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Feb 10, 2024 330 Father Vinh Dong
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God Will Make a Way

Scared and alone on a boat in the middle of a stormy sea, little Vinh made a bargain with God…

When the Vietnam War ended in 1975, I was still a child, the second last of 14 children. My wonderful parents were devout Catholics, but since Catholics suffered persecution in Vietnam, they wanted us children to escape to a different country for a better life.

The refugees usually left in tiny wooden boats, which would often capsize at sea, leaving none of the passengers alive. So, my parents decided that we would try to leave one at a time, and they made great sacrifices to save enough to pay the tremendous costs.

The first time I tried to leave, I was only nine. It took me two years and fourteen attempts before I finally managed to escape. It would take another ten years for my parents to make it across.

The Escape

Crowded onto a small wooden boat with 77 others, 11-year-old me was on my own in the middle of nowhere. We faced many hazards. On the seventh night, as a huge storm battered us, a lady beseeched me: “We may not survive this storm; whatever your religion is, pray to your God.” I responded that I had already prayed. I had, in fact, set a bargain: “Save me, and I’ll be a good boy.” As the wind and waves whipped over the boat that night, I promised to dedicate my life to serving God and His people for the rest of my life.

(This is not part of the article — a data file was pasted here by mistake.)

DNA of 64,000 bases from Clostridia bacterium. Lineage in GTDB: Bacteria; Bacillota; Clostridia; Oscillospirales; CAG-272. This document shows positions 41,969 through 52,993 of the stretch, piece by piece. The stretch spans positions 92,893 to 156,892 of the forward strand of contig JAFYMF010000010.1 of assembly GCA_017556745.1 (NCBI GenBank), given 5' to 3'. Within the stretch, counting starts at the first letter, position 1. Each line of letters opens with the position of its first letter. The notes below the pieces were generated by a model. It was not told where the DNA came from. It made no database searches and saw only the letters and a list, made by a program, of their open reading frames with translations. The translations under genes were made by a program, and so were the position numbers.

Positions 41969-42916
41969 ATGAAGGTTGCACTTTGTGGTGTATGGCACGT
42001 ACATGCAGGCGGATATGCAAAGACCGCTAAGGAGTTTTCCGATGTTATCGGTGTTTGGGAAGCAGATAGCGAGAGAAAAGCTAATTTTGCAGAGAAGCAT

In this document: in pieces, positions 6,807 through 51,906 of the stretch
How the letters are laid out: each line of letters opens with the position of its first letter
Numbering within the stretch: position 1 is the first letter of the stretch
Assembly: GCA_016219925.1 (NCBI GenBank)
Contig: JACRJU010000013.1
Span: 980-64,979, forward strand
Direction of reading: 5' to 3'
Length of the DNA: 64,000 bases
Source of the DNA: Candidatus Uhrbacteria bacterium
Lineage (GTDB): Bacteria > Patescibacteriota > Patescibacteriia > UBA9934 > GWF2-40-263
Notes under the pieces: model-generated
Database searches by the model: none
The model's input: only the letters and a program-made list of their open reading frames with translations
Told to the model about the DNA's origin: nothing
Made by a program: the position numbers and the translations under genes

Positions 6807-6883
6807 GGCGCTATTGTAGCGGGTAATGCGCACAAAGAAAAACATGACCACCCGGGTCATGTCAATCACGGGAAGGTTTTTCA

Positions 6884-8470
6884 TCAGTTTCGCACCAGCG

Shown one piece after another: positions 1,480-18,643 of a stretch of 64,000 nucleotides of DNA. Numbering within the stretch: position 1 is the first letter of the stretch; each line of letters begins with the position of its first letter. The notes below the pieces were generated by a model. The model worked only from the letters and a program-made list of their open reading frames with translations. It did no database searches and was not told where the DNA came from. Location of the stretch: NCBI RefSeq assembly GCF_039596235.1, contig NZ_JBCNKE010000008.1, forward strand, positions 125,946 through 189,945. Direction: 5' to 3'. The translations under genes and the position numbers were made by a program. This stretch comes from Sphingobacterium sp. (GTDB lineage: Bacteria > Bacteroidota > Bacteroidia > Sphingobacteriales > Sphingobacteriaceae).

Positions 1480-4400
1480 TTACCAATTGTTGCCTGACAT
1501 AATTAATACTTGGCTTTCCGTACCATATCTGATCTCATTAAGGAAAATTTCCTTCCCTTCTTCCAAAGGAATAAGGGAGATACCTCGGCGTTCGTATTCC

When I woke the next morning, we were still afloat, and the sea was calm. We were still in dire peril, however, because we had run out of food and water. Two days later, my prayers were answered when we finally landed in Malaysia after ten days at sea.

Starting a new life in a refugee camp, I set out to be faithful to the bargain I had made with God. Without parents, without anyone to take care of me, without anyone to tell me what to do, I put my total trust in God and asked Him to guide me. I went to church every day, and the priest soon asked me to be an altar server. Father Simon was a French missionary priest who worked really hard, helping refugees with all their needs, especially their immigration applications. He became my hero. He found such joy in serving others that I wanted to be like him when I grew up.

With the challenges I faced in starting a new life, I forgot my old promise. At the end of Year 10, as I thought about what I’d really like to do with my life, our Lord reminded me of my desire to become a priest. They arranged work experience for me with our parish priest, Monsignor Keating. I loved it so much that I decided to join the seminary once I completed high school. As my parents had immigrated to Australia by then, I joined Saint Charles Seminary in Perth.

Keeper of Promises

For the past 26 years, I have been serving as a priest for the Archdiocese of Perth. Like Father Simon, I have found great joy in serving God’s people. My biggest challenge was being appointed to found a new parish on the outskirts of Perth in 2015. I was at a loss. There was a school but no church or facilities, so we started by meeting to say Mass in a classroom.